A country of passion: Funerals, Football and Romeo & Juliet

When I’m sad I become inconsolable, when happy I create a positive energy around me and it radiates and doesn’t go ignored, when I am angry I am feared, I wear my heart on my sleeve… I am turkish.

I can be so erratic sometimes feeling all my emotions so strongly that people take it to mean anger, irritation or intimidation when I am passionate about something. At first I found it a struggle to understand why people couldn’t understand when I was overly excited or couldn’t sympathise with the degree of sadness I could feel. Later I found that this inability to get people to understand that all my extremes were a display of passion was something inherently part of my genetics. Turkish people are so passionate about everything, they are loud, they are blunt and abrupt but in a very endearing way. For many this can be quite intimidating, for many don’t make their emotions clear. If there is one thing that is for sure if I think something, I say it. This doesn’t make me rude, its just how I am, I tell it how it is, and theres definitely a turkishness to that.

I thought I would display many examples I have connected with turkish passion that I found help me to understand my own reactions to situations in my life.

Cultural difference between East and West

English people are known outside of their country as quite cold people, and as someone who grew up in London I did not fully understand how that conclusion was made. It is only when I moved to turkey that it became clear. It is not that we are cold it is that we are less passionate people, in someways still very victorian-esque it is deemed not proper form to blurt feelings and over share emotions. If you are ill, you be quiet and push through, when in love it is not in a overt kind of way just a more subtle and unspoken.

Funerals and Mourning

An example of this difference is in mourning for ones death. In turkish culture screaming and crying loudlyis seen as a natural retaliation to someones death. English on the other hand have a more prude display of emotion, trying to hold in their tears and upset during the funeral out of respect. To a turkish person this is ludacris and means a void of emotion and lack of love, for an english person a turkish response would be overly dramatic and unnecessary.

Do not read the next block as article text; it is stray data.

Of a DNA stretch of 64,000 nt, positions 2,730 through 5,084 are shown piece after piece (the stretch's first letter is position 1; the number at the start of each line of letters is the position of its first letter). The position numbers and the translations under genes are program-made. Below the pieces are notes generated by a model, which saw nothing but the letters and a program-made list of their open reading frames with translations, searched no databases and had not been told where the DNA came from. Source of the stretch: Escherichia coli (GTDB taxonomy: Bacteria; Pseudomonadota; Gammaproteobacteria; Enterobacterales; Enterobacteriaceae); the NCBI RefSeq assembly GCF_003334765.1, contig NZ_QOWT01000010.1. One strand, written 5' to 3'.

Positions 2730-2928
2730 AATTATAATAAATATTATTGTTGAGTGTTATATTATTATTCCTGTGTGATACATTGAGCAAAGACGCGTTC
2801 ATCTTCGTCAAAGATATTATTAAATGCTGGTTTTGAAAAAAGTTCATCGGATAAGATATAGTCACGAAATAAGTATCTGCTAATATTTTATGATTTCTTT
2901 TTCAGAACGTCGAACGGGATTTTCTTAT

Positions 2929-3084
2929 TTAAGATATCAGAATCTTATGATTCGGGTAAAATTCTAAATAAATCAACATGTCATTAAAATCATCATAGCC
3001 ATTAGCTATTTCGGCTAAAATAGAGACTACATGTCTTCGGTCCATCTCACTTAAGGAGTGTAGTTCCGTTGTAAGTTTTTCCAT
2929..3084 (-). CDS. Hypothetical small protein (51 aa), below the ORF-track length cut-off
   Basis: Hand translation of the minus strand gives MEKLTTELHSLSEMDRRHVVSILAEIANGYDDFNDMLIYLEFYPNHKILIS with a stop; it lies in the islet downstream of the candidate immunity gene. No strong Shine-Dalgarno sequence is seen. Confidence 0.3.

The art of Conversation

Passion is displayed in the turkish in many ways, the first is in conversation. Noticeably a family dinner would consist of people talking very loudly, sometimes what seems to be an aggressive nature, and always talking on top of one another. For someone who does not understand turkish they would immediately be taken back by a polava of noise and take their language and gestures to be negative towards each other. Yet this is normal form for turkish people and is not taken to be aggressive or intimidating. A mutual understanding is present that it is a conversation, not an argument (even if this is not what it seems.)

Sport and Football

Another passion is seen in men and sport. Football hooligans are from England? You obviously haven’t met a Fenerbahce or Galatasaray supporter. These teams rival each other like chelsea and manchester united, but to such an extent that if a Galatasaray supporter walking into a turkish coffee shop, with their team uniform on, during a Fenerbahce game would be the end of him. The teams are rivals to an extent that they act like gangs, with their own club supporters seeking out each other for violence and arguments.[example] Such anger and passion driven from a mere ball game? But to discuss their team is like talking about their family, they are very passionate about their team and the people who support their teams.

Romantic Gestures

The most dominant form of passion can be seen in love. This can be seen as very overwhelming for a non turkish with a turkish partner or sometimes the non turkish partner actually appreciates and values the relationship because their turkish partner loves so strongly. I will love you forever, until I die in for someone who is english may make them run a mile or at the very least it is very strong language, but this is normal speech to ones partner in turkey. They can be jelous but also they love so much that it is something that many can be unprepared for. I would say this is the biggest display of turkish passion. For us the story of Romeo and Juliet is a wonderful lovestory but tells the tale of something rather unrealistic, whereas I know many turkish men to have watched the film version, and have connected to Romeo as a character, probably feeling the same strength of love and happy to go to the same lengths to achieve it. If overwhelming it is an impressive way to love.

The same sort of love is displayed for family. The lengths one would go to retaining a families respect and the love people have for their parents and siblings is very strong, a bond we do not cherish to the same degree in england.

So next time you feel you meet someone in Turkey and are finding it hard to understand their opinions, or responses to certain situation, just remember they are passionate people, and approach all things that they could be passionate about (love, family and their country) with respect.

It means that sometimes their passion becomes something negative which stereotypes into football hooliganism or obsessive, jelous relationships but it can also mean a cherishing of family, an undeniable and strong love towards their partners and patriotism towards their country that has been lost our society today.


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